Who Will Place Your Dental Implant?

Who Will Place Your Dental Implant?

Dental implants are a substantial investment of time, money and emotion for a patient. So why would you allow someone to treat you who learned the procedure at a weekend seminar?

You probably wouldn’t, but people have allowed this to happen and most likely didn’t even know it.

Why? Money. This country’s dental implant industry is a $1 billion dollar industry according to the American Academy of Implant Dentistry (AAID) and projects to be a $5 billion industry by 2018.

Manufacturers of dental implants obviously stand to make a lot of money and, sometimes, when the stakes are raised, the standards get lowered. Case in point: One prominent dental implant manufacturer was offering a continuing education course to general dentists who wanted to learn to surgically place dental implants. The course, along with its “certificate of completion,” could be obtained in one weekend!

Think about that. On Friday, there were dentists who had never surgically placed a dental implant. By the following Monday, they had earned “certificates of completion“ of surgical implant training and could return to their practices to start surgically placing their own dental implants without limitations.

Is that the kind of treatment you want?

Dental Implants

Dental implants have traditionally been placed by surgical dental specialists, like oral surgeons and periodontists. We are specialists with years of post dental school training and extensive experience. In other words, we didn’t learn our craft over a weekend.

It’s hard to imagine that a single weekend course could prepare someone for the potential complications that could come out of this type of surgery. Despite this, all indicators point to more and more dental implants being placed by general dentists in the future. That’s worrisome.

The results of a recent survey published in the Journal of the American Dental Association (JADA) suggest that implant survival and success rates in general dental practices are lower than the same procedures conducted by oral surgeons and periodontists.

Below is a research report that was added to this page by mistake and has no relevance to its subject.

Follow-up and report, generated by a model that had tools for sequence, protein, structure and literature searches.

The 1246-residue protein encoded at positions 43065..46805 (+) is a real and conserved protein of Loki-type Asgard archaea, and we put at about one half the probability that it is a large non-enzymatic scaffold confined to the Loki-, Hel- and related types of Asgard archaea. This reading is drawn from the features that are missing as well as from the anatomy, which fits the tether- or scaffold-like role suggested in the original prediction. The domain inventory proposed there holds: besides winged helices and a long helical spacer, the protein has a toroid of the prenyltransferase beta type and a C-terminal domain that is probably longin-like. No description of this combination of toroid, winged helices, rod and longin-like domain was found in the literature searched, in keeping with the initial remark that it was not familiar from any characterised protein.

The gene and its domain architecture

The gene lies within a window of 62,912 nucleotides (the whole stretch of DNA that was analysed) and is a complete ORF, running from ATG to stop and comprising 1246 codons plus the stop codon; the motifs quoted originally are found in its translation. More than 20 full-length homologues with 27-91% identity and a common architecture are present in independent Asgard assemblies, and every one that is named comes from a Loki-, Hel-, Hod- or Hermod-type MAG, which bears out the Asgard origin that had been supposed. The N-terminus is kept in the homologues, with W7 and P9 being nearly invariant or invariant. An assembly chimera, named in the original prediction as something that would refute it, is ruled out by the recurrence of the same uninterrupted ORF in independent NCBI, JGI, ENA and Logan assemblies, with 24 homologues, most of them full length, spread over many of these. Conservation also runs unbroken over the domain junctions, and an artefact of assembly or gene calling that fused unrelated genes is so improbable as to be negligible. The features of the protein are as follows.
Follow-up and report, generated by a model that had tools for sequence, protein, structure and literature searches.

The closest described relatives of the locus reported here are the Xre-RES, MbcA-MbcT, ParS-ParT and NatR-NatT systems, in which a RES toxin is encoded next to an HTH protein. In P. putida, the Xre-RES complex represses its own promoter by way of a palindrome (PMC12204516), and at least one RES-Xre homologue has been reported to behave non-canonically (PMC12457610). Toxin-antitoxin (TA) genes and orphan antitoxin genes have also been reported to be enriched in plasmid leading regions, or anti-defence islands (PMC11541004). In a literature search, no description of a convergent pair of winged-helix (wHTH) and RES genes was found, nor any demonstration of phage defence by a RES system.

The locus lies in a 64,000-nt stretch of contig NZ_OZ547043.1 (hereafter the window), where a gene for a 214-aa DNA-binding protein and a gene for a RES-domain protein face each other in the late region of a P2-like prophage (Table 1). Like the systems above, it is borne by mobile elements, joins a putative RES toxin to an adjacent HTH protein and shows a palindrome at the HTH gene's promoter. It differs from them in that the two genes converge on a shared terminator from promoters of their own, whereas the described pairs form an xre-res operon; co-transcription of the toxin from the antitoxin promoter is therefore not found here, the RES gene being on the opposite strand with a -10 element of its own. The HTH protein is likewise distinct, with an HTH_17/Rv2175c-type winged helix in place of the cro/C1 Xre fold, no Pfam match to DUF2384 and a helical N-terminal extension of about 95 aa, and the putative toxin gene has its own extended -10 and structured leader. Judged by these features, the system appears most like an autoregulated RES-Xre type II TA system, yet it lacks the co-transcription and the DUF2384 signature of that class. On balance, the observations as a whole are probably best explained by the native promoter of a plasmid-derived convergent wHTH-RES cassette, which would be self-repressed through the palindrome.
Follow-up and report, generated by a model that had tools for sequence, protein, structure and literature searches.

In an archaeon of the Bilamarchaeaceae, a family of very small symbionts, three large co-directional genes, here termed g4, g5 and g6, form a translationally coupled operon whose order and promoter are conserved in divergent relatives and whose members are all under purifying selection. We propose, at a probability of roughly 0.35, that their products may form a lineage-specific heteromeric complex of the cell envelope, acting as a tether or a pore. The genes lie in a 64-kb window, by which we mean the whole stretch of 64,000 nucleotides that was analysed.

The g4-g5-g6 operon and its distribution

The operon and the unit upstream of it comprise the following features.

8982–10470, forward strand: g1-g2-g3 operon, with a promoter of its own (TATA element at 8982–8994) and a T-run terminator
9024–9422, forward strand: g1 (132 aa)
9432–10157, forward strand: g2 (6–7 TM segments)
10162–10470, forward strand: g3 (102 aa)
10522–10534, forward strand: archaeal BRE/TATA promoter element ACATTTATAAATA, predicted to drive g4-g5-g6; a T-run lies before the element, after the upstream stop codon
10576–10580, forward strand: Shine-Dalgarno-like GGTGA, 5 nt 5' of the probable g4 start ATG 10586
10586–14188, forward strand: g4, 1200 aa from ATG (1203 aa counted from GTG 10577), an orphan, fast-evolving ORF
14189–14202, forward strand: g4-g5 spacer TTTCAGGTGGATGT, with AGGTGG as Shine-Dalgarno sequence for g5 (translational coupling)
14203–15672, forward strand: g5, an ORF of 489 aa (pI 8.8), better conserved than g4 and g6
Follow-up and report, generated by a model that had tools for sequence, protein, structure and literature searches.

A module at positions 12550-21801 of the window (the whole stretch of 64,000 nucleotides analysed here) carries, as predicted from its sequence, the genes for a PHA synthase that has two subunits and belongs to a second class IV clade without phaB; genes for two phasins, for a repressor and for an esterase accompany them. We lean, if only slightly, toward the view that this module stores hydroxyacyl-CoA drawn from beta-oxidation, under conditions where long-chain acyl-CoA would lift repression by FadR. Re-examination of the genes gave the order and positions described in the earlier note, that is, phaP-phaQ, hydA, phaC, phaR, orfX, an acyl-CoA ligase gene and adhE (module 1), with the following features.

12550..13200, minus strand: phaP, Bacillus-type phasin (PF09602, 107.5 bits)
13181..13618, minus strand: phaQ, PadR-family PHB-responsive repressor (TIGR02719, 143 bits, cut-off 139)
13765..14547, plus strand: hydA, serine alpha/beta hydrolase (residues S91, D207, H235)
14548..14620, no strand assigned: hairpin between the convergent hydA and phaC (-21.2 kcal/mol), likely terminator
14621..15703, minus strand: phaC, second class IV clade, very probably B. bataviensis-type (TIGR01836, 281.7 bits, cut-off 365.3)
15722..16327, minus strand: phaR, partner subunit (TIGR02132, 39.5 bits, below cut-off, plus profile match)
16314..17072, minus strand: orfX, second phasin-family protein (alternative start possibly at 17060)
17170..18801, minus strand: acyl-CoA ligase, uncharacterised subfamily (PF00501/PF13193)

Dental implants can be a significant investment for a patient when you consider the yearly maximum for many dental insurance plans is in the $1,500 per year range, and the average cost for one dental implant procedure is probably closer to between $2-3,000. That doesn’t include the cost for the dentist to fabricate and attach a crown on top of the implant.

So, before you take on that kind of “out of pocket” expense, here are several things you should consider:

  1. Is the person you are paying your hard earned money to a surgically trained dental specialist? How many times has that person placed a dental implant? Will he or she be someone who has placed hundreds, if not thousands, of dental implants and does the procedure as a regular part of their practice, or someone who does it “occasionally”?
  2. If there are any complications associated with the surgical placement of your implant, who will take care of them? A specialist is trained to attend to any kind of follow up problems. A general dentist may send you to see someone else to handle complications… like a specialist!
  3. What type of dental implant will your surgeon be using? Many companies produce implant systems and all are fighting for an increased market share. Will your surgeon use a brand that is tried and true and has spent millions of dollars on research and development like AstraTech, Biomet 3i, Nobel BioCare, Straumann or Zimmer, to name a few? Or will he or she use something newer and not as tested because it is a cheaper alternative? Remember, that implant is going into your mouth.

The first question you should ask when considering a dental implant is about the experience of the person who will be performing the surgery. Think carefully if he or she downplays their training by offering to place your implant for a lower fee.

Remember the old saying: You get what you pay for.